- Pair macarons shells so you have similar sizes to match and make a sandwich.
- Pipe a ring of Swiss meringue buttercream, then pipe the matcha cream in the center of that ring.
- Sandwich the two shells together
- Macarons must be stored in the fridge and are best eaten one or two days later.
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For the Shells
Matcha cream filling
- 2 tbsp Matcha powder
- 4 tbsp Water approx
- 2 oz (60 g) White chocolate OR
- ¼ cup Swiss meringue buttercream recipe here
- Place almond meal and powdered sugar in a food processor. Sift it and discard any big or remains that does not go thru. However, if you have a lot in the sifter - pulse some more and strain again. Tip - pulsing and staining will ensure you have a flour consistency. So do not skip this step.
- Whip egg whites - Place the egg whites with cream of tartar in a grease-free bowl of a stand mixer with the whisk attachment. Start whisking on medium speed. (in the video I am using a hand mixer so you can see better but a stand mixer is ) Tip - the cream of tartar helps stabilize the egg whites. You can omit but it is especially helpful when making macarons in warm weather or humid places.
- After a minute start adding the granulated sugar one spoon at a time.Tip - adding the sugar one spoon at a time will prevent the protein in the egg whites from breaking down.
- Fold in - Next, fold the almond mixture into the whipped egg whites in three batches.
- Macronage - once the almond mixture has been incorporated, we need to bring it to the right consistency. See video on how I do this. Use a spatula and spread the mixture around in the bowl - then bring it back to the center. Do it again and again until you have the right consistency. I usually have to do this about 4 to 5 times with each batch.
- Consistency - you need, what is called a dropping consistency or a thick 'lava-like' or 'cake batter' consistency. This means when you hold a little batter on the spatula and it drops down like a ribbon that blends back into itself.Tip - getting the right consistency sometimes takes time. So, watch that part of a video carefully.
- Pipe - Transfer batter into a piping bag with a large round tip (No.12). Pipe similar size macarons onto a parchment-lined baking tray using a template.Tip- templates ensure all shells are similar in size. This is helpful when we make the finished macarons. You can print free templates found on google or make your own with a cookie cutter.
- Piping technique - The best way to pipe the macarons, hold the piping bag at 90%. Squeeze until you have a good mound then swirl the tip to one side. But don't worry if you have a point,.When you tap the pan these usually settle down.
- Tap baking pan - Tap the baking tray on the counter several times.Tip - Tapping helps so all the air pockets will rise to the top and release. That way you won't have big holes in your macarons. I do three taps on each side as shown in the video.
- Rest - Let the macarons sit in a cool dry place for about 30 to 50 minutes until it forms a skin on the top. If you touch the shell it should not stick to your finger. Tip - In places, with high humidity, this can take up to 60 minutes. As long as it does not stick to your finger when you touch it - you are good to go.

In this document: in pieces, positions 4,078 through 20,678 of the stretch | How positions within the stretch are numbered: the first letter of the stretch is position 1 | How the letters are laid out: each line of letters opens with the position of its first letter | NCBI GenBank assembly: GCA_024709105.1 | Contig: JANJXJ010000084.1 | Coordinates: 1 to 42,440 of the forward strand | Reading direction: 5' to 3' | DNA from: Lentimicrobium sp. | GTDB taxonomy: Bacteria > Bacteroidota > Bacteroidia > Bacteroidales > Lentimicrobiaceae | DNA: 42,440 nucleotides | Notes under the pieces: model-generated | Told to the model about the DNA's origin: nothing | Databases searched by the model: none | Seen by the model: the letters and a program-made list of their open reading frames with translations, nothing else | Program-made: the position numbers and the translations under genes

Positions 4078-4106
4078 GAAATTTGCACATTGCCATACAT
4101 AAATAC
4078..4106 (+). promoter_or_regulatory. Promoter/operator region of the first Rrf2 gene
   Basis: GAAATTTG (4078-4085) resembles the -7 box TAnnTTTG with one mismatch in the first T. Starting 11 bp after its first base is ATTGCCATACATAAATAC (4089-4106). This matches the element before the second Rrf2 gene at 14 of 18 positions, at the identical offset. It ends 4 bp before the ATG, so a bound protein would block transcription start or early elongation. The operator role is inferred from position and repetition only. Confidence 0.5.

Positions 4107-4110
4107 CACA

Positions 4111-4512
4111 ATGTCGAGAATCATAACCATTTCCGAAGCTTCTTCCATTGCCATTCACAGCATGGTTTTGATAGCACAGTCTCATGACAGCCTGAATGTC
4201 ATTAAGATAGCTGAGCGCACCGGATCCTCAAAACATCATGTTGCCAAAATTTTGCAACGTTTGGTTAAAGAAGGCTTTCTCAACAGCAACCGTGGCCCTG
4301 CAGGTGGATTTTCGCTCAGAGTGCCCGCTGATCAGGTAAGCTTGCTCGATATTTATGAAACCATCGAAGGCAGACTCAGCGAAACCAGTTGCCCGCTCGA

- While the macarons are drying - preheat the oven to 150 C / 300 F. Tip - I usually start my oven at about 20 minutes because that's how long it takes in my home.
- Bake the macarons for 12 to 15 minutes depending on your oven. (some ovens can take up to 18 minutes) The tops will look set but the bottom should not be wet. The top shell should be shiny and the bottom crusty (also called macaron feet).Tip - do not open the oven door for the first 10 minutes of baking. When you shake the pan they must look set. Remember they continue to bake with the residue heat on the baking tray.
- Cool on the baking tray for at least 10 minutes before you remove and transfer them to a cooling rack. Tip - trying to remove the macarons from the hot tray can cause the tops to separate from the bottom feet. Once you let them cool they will come off easily. So, be patient.
Matcha cream filling
- Make a thick paste combining the hot water with matcha powder. Add it to the white chocolate buttercream and combine until smooth. (You can also use buttercream instead of white chocolate)
Swiss meringue buttercream
- Watch my video and step by step progress for Swiss Meringue Buttercream
- In the bowl of a stand mixer add the eggs whites, salt, cream of tartar, and sugar. Place the bowl over a pot of simmering water. Whisk the egg whites over the simmering water until all the sugar has melted.
- Place the mixer bowl on the stand and start at medium to low speed with a whisk attachment increasing the speed gradually. Whisk to firm peaks, shiny meringue.
- Touch the mixer bowl. If it’s still warm wait, run the mixer on low until it cools. Once the bowl feels warm to the touch, start adding the butter one cube at a time. Then, add the vanilla extract and whip on medium-high speed for 2 minutes until you have a light and fluffy buttercream.
Fill the macarons
- On a baking tray pair similar size macarons shells so you have similar size macarons
- Pipe a ring of buttercream on one macaron shell, then pipe the filling in the center of that buttercream ring. Place the second shell on top. Continue until you have filled all macarons.
- Macarons must be stored in the refrigerator and are best eaten one or two days later. (if you can wait)
The nutrition information and metric conversion are calculated automatically. I cannot guarantee its accuracy. If this data is important to you please verify with your trusted nutrition calculator. Thank you